Atlanta is a progressive city that welcomes all people in the hopes of fostering community and international interest. It appreciates immigrants willing to be upstanding citizens and do their part in enriching the culture and diversity of the city.
Although not all immigrants are permanent residents of the country. If you are an immigrant or a foreign national confused about your residency status, these steps below may help you avoid deportation.
Change your non-immigrant status
People can enter the United States (U.S.) through work and student visas. These are temporary visas, and therefore the government may assume you are a non-immigrant with no intention to migrate to the country. If you decide that you want to live here permanently, you should try to apply for an adjustment of status and begin the process of applying for permanent residency.
Apply for permanent residency
Immigrants can apply for a green card, which entitles them to permanent residency upon approval. You can check if you are eligible for a green card application. The two easiest ways you can apply for an adjustment of status are through a family-based immigration petition or an employment-based petition.
A green card is the first step toward naturalization.
Apply for removal of conditional residence
Someone with a conditional green card must file the renewal form I-751 also referred to as the Removal of Conditional Residence within a certain timespan. Failing to do so will give the U.S. Citizenship and Immigration Services (USCIS) a reason to deport you. An immigrant usually acquires a conditional green card when they get married, however this only entitles you to a conditional residency until you file the form and request for permanent residency. You would have to prove you entered the marriage in good faith.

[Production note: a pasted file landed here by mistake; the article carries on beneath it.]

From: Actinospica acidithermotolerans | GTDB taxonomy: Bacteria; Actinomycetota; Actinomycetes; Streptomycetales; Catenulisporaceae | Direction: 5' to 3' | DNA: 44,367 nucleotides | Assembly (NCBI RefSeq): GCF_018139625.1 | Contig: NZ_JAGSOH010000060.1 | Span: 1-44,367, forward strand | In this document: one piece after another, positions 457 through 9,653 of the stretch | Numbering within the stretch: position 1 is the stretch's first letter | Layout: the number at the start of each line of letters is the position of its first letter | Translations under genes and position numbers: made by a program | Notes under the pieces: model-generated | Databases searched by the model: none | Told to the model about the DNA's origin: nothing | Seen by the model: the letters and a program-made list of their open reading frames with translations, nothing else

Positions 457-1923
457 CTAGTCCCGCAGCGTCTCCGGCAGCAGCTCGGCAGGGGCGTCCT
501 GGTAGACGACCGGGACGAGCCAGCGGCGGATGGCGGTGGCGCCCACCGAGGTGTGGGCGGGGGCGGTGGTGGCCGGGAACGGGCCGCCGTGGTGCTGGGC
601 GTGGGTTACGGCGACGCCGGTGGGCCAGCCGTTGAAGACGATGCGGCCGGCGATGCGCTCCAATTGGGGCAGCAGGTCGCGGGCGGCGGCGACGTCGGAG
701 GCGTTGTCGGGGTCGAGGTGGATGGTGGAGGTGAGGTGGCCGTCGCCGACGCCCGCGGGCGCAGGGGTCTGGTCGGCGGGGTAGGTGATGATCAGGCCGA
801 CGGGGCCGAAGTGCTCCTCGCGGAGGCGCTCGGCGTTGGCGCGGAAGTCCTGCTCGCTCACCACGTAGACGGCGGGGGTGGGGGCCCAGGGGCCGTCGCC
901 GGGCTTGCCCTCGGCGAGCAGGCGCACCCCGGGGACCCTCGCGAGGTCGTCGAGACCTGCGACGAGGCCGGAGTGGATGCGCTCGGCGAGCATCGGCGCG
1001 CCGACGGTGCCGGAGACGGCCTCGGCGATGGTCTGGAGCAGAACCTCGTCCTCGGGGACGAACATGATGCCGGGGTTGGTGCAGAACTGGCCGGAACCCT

Apply for asylum
To qualify for asylum status, you must prove you were persecuted, or you have a fear of being persecuted in your own country because of your religion, nationality, race, gender identity or political beliefs. Asylum relief has many benefits, including the right to employment and the right to eventual permanent residency. It is discretionary and is available to immigrants who need it the most.
Immigration law safeguards the citizens of the U.S. and foreign nationals who would want the same level of rights and protection. It has very stringent guidelines on eligibility to maintain that standard of protection. The process can be long and challenging, but with enough understanding it can give you and your family a long and rewarding life in the United States.